Some years back, amid the Patriots’ long string of success, we wrote that New England fans should enjoy the ride, because it inevitably would come to an end.
We’ve been Pats’ fans since the 1960s, so unlike younger fans, we’ve known many more years of failure than success, which gave us a much-greater appreciation for the Pats’ amazing and unprecedented run of Super Bowl appearances and league titles from 2001-2019.
Societies have worshiped their athletic heroes dating back to the ancient Greeks. In the modern age, sports have served as a form of entertainment that uniquely brings people together, where we can forget ours and the world’s problems, even if it’s for just a few hours each week. In addition, success on the athletic field (or track or arena) is the ultimate meritocracy — unlike just about every other aspect of our society — which is why cheaters in sports are so reviled.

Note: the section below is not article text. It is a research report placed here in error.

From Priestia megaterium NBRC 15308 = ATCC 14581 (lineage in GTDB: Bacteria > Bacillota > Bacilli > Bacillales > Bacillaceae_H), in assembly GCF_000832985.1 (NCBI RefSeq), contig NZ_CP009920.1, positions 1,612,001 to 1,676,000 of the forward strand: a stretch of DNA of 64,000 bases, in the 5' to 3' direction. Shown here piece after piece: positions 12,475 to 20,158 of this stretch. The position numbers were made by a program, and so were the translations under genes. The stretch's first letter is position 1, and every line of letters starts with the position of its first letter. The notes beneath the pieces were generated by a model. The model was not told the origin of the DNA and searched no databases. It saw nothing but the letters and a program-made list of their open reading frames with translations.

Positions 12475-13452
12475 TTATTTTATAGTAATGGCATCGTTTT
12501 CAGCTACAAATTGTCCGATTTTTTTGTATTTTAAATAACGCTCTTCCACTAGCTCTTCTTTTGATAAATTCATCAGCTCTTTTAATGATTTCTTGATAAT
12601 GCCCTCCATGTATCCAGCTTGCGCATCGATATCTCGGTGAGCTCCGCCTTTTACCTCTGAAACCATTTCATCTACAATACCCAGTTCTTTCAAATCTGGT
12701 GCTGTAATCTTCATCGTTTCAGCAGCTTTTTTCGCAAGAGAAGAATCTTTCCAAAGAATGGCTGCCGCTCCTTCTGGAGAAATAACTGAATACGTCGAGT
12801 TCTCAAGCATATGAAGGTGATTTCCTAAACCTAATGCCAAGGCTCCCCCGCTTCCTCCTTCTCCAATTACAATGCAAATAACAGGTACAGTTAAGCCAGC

The Patriots’ success became part of the local culture, with fans — and even non-fans — partaking of game-day parties and tailgating that helped us endure the long fall and winter seasons. Studies have shown that sharing the experience of a successful sports team with friends brings noticeable psychological benefits that last for a couple of days — and New England fans had almost 20 years of joy.
But New England no longer is the center of the pro football universe. We’re now the ones on the outside looking in, as was the case for so many others for two decades. When the hometown newspaper writes that your 1-3 team can take comfort in the positives after another loss — well, you know that it’s going to be a long season.
We were listening to the 1960s station on our Sirius XM radio in our car the other day when we heard one of our favorite tunes, Sundays Will Never be the Same by Spanky and the Gang. The lyrics are about a lost love and how their Sundays together were special, but they seem appropriate for New England Patriots fans these days:
Now I wake up Sunday morning
Sunday’s just another day
Sunny afternoons that made me feel so warm inside
Have turned as cold and gray as ashes
As I feel the embers die
Sunday will never be the same